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Data: Bureau of Labor Statistics; Chart: Axios Visuals

The economy added 304,000 jobs in January — significantly more than the 170,000 economists were expecting —while the unemployment rate ticked higher to 4.0% from 3.9%, reflecting the impact of the government shutdown, the Labor Department said on Friday.

Why it matters: With the highest labor force participation rate in 6 years, the job market continues to defy expectations that the economy is approaching full employment. January marked a record 100th straight month of job gains.

Economists expect the unemployment rate, which rose since furloughed federal employees were counted as unemployed, to tick back down as those employees return to work (granted the government doesn't shut down again).

The details:

  • Wages rose 3.2% year-over-year in January, falling from the revised 3.3% growth in December.
  • December's blockbuster report was revised lower to 222,000 from 312,000, while November's report was revised higher by 20,000 jobs to 196,000.
  • The number of workers who worked part-time for economic reasons rose to 5.1 million from 4.6%, which may reflect how some furloughed workers coped with delayed pay from the government shutdown.

Go deeper

How "naked ballots" could upend mail-in voting in Pennsylvania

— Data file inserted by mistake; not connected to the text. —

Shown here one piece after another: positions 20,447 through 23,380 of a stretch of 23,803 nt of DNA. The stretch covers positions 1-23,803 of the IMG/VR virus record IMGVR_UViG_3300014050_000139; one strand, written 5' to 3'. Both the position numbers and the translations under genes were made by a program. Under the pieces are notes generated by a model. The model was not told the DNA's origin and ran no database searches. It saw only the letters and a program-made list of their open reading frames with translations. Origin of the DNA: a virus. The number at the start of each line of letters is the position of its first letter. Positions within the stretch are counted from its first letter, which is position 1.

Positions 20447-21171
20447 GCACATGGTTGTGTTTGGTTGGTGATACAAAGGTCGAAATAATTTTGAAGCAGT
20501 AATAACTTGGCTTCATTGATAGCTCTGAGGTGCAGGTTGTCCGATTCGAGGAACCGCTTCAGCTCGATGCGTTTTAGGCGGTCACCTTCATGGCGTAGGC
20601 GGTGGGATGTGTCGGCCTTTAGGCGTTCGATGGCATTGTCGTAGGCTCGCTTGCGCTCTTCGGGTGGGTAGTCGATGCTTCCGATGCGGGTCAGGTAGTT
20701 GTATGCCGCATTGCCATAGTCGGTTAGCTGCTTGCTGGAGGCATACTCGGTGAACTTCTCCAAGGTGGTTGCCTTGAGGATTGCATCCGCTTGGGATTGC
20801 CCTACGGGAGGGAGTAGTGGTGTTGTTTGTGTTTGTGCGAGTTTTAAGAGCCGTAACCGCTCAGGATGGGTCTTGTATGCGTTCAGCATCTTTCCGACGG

Trump signs in Olyphant, Penn. Photo: Eric Baradat/AFP via Getty Images

Pennsylvania's Supreme Court ordered state officials last week to throw out mail-in ballots submitted without a required inner "secrecy" envelope in November's election, the Philadelphia Inquirer reports.

The state of play: The decision went under the radar alongside the simultaneous decision to extend the time that mail-in ballots could be counted, but Philadelphia's top elections official warned state legislators this week that throwing out so-called "naked ballots" could bring "electoral chaos" to the state and cause "tens of thousands of votes" to be thrown out — potentially tipping the presidential election.

Commission releases topics for first presidential debate

Moderator Chris Wallace. Photo: Drew Angerer/Getty Images

Fox News anchor Chris Wallace has selected what topics he'll cover while moderating the first presidential debate between President Trump and former Vice President Joe Biden next week.

What to watch: Topics for the Sept. 29 debate will include Trump and Biden's records, the Supreme Court, COVID-19, economic policy, racism and the integrity of the election, the Commission for Presidential Debates announced on Tuesday. Each topic will receive 15 minutes of conversation and will be presented in no particular order.

Fed chair warns economy will feel the weight of expired stimulus

Treasury Secretary Steven Mnuchin and Fed Chair Jay Powell bump elbows before House hearing on Tuesday. Photo: Joshua Roberts/Pool/AFP via Getty Images

Federal Reserve Chairman Jerome Powell told the House Financial Services Committee on Tuesday that the expiration of Congress' coronavirus stimulus will weigh on the U.S. economy.

Why it matters: Powell warned that the effects of dried-up benefits are a looming risk to the economy, even if the consequences aren't yet visible.

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